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Travel industry news

02 Aug 2019

BY James Chapple


Super Break 'chose not to protect hotel-only bookings with Abta'

The failure of Super Break on Thursday (1 August) could leave agents out of pocket after it was revealed the operator “chose” not to protect accommodation-only bookings with Abta.

Credit cards in a leather wallet iStock-483561592

Super Break 'chose not to protect hotel-only bookings with Abta'

Abta has confirmed Super Break failed with about 20,000 forward bookings, which were mainly domestic or non Atol-protected bookings.

However, while flight and accommodation bookings are protected under the Atol scheme and other transport and accommodation bookings by Abta, agents were shocked to discover on Thursday evening Super Break had “chosen” not to protect hotel-only bookings with Abta.

This was despite Super Break stating prominently on its hotel brochure, of which TTG has seen a copy, it was a “proud member of Abta and an Atol licence holder, meaning you can rest assured knowing you’re covered”.


MORE: How agents can help affected Super Break clients

Abta’s guidance, though, issued following the collapse of Super Break on Thursday, states: “If you made a booking with Super Break for accommodation only, the company chose not to protect those sales with Abta.”

Westoe Travel director Graeme Brett told TTG: “Super Break produced a hotel-only brochure that displayed the Abta logo and a recorded message when you rang their call centre referred to ’full protection’ on your booking.


“A lot of agents will get a shock today [Friday] when they learn that Super Break had ’chosen’ only to protect packages with Abta and not hotel-only bookings."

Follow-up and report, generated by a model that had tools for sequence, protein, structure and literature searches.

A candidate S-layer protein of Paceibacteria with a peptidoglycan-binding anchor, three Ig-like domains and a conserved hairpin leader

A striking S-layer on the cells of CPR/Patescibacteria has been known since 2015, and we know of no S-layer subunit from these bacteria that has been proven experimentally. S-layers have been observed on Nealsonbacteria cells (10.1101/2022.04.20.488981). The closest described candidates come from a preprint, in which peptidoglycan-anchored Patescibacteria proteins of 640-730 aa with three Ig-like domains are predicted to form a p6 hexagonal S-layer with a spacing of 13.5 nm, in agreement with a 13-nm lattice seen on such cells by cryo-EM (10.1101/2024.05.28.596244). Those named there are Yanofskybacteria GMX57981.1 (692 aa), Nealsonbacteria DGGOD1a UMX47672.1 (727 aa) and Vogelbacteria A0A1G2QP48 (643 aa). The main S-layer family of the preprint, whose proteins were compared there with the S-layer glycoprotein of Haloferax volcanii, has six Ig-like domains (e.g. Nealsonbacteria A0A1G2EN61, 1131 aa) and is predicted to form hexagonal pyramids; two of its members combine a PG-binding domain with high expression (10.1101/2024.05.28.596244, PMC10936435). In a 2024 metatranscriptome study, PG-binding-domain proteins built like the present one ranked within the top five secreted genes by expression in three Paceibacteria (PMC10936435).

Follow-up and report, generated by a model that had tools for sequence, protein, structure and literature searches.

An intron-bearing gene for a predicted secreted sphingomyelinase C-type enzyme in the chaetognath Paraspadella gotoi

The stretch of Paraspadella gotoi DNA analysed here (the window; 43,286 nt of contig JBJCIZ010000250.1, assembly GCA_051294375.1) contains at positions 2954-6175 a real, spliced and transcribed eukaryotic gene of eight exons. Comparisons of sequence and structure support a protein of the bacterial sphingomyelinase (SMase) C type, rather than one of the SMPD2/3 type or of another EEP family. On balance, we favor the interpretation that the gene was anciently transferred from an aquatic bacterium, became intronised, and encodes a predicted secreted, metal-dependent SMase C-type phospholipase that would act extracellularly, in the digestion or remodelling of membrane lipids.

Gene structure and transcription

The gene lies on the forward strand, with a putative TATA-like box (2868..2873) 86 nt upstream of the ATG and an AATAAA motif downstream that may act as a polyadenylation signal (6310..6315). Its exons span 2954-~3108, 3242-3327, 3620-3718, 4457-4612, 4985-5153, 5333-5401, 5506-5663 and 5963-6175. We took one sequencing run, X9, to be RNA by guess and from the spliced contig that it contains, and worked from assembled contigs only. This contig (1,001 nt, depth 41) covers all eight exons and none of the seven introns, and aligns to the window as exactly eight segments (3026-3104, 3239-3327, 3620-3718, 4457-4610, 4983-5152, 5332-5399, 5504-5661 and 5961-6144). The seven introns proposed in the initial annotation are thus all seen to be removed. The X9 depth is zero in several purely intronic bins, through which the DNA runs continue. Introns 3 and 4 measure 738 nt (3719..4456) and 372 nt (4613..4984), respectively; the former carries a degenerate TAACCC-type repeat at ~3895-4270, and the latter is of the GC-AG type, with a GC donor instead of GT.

Brett said 10 of Westoe’s 133 Super Break bookings were affected, with the majority comprising rail travel and accommodation and therefore constituting a protected package.

“As Super Break took money from agents up to 12 weeks before travel, many agents [will] have paid for forward bookings they will not get the money back for,” he added.

Alan Bowen, legal advisor to the Association of Atol Companies, told TTG: "Some years ago, Abta agreed to change the rules so if the law did not require financial protection, in other words, if the product was not a package, then they would allow membership to continue with no financial protection in place.


“The problem for agents, of course, was that the business [offering the product] continued to be a member and most, now wrongly, assumed everything was protected.

“For customers who booked directly, they can make a claim against the card issuers and get their money back. But if they paid an agent, it will be the agent’s bank account that gets hit by the chargeback and this could be a real shock.”


An Abta spokesperson said: “Abta is providing financial protection arrangements for any non-flight packages booked through Super Break.


“Abta members must have financial protection arrangements in place for package holidays, there is no requirement to protect hotel-only or other types of bookings – it is an entirely commercial decision for a business to enter into additional protection arrangements.

“All hotel-only bookings, booked either directly with a hotel or through intermediaries, are generally unprotected, apart from where the customer paid by credit or debit card.”

Super Break parent Malvern Group confirmed on Thursday it had ceased trading after failing to find a buyer for the 49% of the business owned by Cox & Kings (India).

The business placed itself up for sale last week after the Indian tour operator defaulted on its Iata billing and settlement plan (BSP) in June.

Malvern appointed KPMG to oversee a sale, but the company confirmed on Thursday afternoon it had been unable to find a buyer or secure support from the banking sector.

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